.- The Archbishop of Glasgow, Scotland has told Catholics in his archdiocese not to kneel to receive communion.
âThe Faithful should follow the General Instruction of the Roman Missal, namely coming to communion in procession and standing to receive Holy Communion,â wrote Archbishop Mario Conti in a letter to all his priests, dated August 25.
âStanding in our Western culture is a mark of respect: kneeling at the altar rails (where they continue to exist) is not the practice envisaged by the instructions in the Missal,â he stated.
The archbishopâs letter was issued ahead of the introduction of the new translation of the Roman Missal, which comes into effect throughout the English-speaking world this coming November.
Ironically, his instruction comes only a year after Pope Benedict XVI celebrated Mass in Glasgow. At that papal Mass, all those receiving communion from the Pope did so kneeling on a pres-dieu.
âThis is really awful,â one Glasgow priest, who wished to remain anonymous, wrote to CNA.
âThe bishop is indeed the moderator of the liturgical life of the diocese. However, what concerns a number of the priests in Glasgow is that our Archbishop knowingly exceeds his legitimate authority when he attempts to remove liberties foreseen by the Roman Missal itself.â
The General Instruction of the Roman Missal states that âthe faithful communicate either kneeling or standing, as determined by the Conference of Bishops.â The Instruction adds, â(w)hen they communicate standing, however, it is recommended that they make an appropriate sign of reverence, as determined in the same norms, before receiving the Sacrament.â
In 2002, then-Prefect of the Congregation for Divine Worship, Cardinal Jorge Medina EstÃ©vez, attempted to clarify the issue after receiving complaints from lay Catholics who were being refused communion after kneeling to receive the host.
The Congregation, he wrote in an open letter, âconsiders any refusal of Holy Communion to a member of the faithful on the basis of his or her kneeling posture to be a grave violation of one of the most basic rights of the Christian faithful, namely that of being assisted by their Pastors by means of the Sacraments (Codex Iuris Canonici, canon 213).â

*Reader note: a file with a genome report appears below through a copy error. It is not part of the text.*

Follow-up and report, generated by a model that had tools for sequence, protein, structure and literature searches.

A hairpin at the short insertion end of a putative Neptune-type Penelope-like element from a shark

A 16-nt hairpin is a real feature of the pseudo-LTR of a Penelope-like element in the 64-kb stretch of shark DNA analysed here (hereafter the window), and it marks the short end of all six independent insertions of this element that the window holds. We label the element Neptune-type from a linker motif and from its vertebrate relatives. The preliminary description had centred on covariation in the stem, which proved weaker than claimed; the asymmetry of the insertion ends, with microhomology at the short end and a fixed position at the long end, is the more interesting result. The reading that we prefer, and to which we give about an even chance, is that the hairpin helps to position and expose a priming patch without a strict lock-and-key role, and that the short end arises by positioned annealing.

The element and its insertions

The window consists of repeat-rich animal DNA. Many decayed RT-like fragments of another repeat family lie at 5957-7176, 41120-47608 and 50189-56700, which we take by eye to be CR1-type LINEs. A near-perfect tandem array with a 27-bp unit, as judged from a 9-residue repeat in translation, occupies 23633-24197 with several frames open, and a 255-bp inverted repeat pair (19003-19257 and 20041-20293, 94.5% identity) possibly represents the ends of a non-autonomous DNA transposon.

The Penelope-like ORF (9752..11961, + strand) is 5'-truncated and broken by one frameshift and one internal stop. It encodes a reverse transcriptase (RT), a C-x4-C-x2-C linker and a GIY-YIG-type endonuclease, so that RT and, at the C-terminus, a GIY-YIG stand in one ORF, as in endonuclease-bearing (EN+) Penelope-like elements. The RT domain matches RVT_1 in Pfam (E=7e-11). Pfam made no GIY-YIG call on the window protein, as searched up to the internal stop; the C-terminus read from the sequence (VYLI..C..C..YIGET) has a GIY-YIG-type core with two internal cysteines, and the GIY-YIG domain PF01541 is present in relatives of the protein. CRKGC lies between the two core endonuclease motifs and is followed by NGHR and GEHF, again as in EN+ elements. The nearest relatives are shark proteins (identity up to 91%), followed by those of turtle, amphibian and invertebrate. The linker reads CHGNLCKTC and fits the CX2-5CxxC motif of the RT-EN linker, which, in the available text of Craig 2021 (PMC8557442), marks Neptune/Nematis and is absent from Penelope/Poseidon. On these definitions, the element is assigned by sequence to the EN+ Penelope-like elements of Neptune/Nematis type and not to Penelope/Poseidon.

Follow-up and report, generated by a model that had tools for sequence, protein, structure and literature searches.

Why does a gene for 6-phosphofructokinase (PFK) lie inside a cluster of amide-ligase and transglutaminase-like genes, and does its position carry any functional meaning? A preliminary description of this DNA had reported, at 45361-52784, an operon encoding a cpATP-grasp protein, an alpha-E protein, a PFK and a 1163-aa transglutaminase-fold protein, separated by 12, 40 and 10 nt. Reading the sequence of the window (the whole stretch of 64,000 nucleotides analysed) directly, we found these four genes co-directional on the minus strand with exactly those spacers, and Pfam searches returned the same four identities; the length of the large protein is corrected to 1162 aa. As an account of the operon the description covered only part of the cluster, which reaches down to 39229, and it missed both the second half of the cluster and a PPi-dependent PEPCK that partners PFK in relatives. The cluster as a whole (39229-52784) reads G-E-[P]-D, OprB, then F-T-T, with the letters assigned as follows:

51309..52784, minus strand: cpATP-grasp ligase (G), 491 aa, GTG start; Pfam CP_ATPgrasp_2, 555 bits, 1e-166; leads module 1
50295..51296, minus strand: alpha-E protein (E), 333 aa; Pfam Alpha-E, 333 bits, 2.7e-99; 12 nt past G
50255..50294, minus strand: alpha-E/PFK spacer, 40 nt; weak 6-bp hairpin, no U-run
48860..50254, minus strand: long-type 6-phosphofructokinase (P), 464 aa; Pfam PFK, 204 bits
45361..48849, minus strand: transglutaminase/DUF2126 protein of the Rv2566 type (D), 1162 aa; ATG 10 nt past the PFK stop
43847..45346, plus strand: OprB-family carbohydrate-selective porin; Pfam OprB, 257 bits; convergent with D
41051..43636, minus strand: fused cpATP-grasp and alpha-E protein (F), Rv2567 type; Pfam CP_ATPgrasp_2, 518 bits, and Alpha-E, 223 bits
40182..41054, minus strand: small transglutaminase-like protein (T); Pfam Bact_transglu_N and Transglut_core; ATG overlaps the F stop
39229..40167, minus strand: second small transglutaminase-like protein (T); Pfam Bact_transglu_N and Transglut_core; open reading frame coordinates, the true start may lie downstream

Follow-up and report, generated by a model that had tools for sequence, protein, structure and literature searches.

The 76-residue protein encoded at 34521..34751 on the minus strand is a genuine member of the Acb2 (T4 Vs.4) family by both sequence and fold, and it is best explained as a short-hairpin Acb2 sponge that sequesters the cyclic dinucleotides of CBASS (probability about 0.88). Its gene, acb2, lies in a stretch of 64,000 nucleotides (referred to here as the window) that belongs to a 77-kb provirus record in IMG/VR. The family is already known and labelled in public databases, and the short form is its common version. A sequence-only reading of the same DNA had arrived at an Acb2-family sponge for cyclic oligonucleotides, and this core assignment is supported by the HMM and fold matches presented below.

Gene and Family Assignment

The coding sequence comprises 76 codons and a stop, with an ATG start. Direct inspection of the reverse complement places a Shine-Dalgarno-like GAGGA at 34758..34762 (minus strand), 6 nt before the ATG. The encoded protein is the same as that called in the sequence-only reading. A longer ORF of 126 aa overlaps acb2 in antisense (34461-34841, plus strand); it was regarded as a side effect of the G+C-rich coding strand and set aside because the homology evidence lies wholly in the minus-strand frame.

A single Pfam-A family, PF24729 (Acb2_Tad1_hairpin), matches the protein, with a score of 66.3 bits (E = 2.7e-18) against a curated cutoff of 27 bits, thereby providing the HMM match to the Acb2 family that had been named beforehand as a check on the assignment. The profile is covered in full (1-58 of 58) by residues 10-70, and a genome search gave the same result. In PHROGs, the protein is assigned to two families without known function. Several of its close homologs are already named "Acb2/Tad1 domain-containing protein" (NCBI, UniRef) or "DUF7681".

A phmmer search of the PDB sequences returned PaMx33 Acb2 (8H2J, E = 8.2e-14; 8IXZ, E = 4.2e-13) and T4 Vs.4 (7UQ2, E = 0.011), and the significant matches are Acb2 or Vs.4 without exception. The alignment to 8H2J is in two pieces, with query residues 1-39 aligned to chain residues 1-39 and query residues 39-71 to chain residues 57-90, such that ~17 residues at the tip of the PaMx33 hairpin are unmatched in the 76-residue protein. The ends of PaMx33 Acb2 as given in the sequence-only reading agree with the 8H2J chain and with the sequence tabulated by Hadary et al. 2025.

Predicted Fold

He went on to add that even when the Congregation has given its approval for a bishopsâ conference to make a standing posture the norm, âit has done so with the stipulation that communicants who choose to kneel are not to be denied Holy Communion on these grounds.â
He also highlighted that Cardinal Joseph Ratzinger, now Pope Benedict XVI, believed the âcenturies-old traditionâ of kneeling to receive communion is a âparticularly expressive sign of adoration, completely appropriate in light of the true, real and substantial presence of Our Lord Jesus Christ under the consecrated species.â
Cardinal EstÃ©vez concluded with a warning that âthe Congregation will regard future complaints of this nature with great seriousnessâ and, if those complaints are verified, it would âseek disciplinary action consonant with the gravity of the pastoral abuse.â
âThere is no question of anybody being refused communion if they choose to kneel,â a spokesman for the Archdiocese of Glasgow told CNA on Aug. 30.
âThe purpose of the bishopâs letter is to encourage, and certainly not diminish, devotion to the Blessed Sacrament by reminding people of the need to make an act of reverence before receiving Holy Communion standing and in procession â which is the overwhelming custom in the diocese and the rest of Europe.â
The latest development is not first time that Archbishop Conti has made headlines for his stance on liturgical matters.
In 2007, he sent an advisory note to all his priests following the publication of Pope Benedictâs document âSummorum Pontificumâ on the provision of the older Tridentine Rite in parishes. The archbishopâs guidelines were dubbed the âcoldest, most hostile I have read so farâ by the renowned Catholic blogger Fr. John Zuhlsdorf.
Archbishop Conti turned 77-years-old earlier this year and has already handed in his resignation to Pope Benedict. His replacement could be announced within the next few months.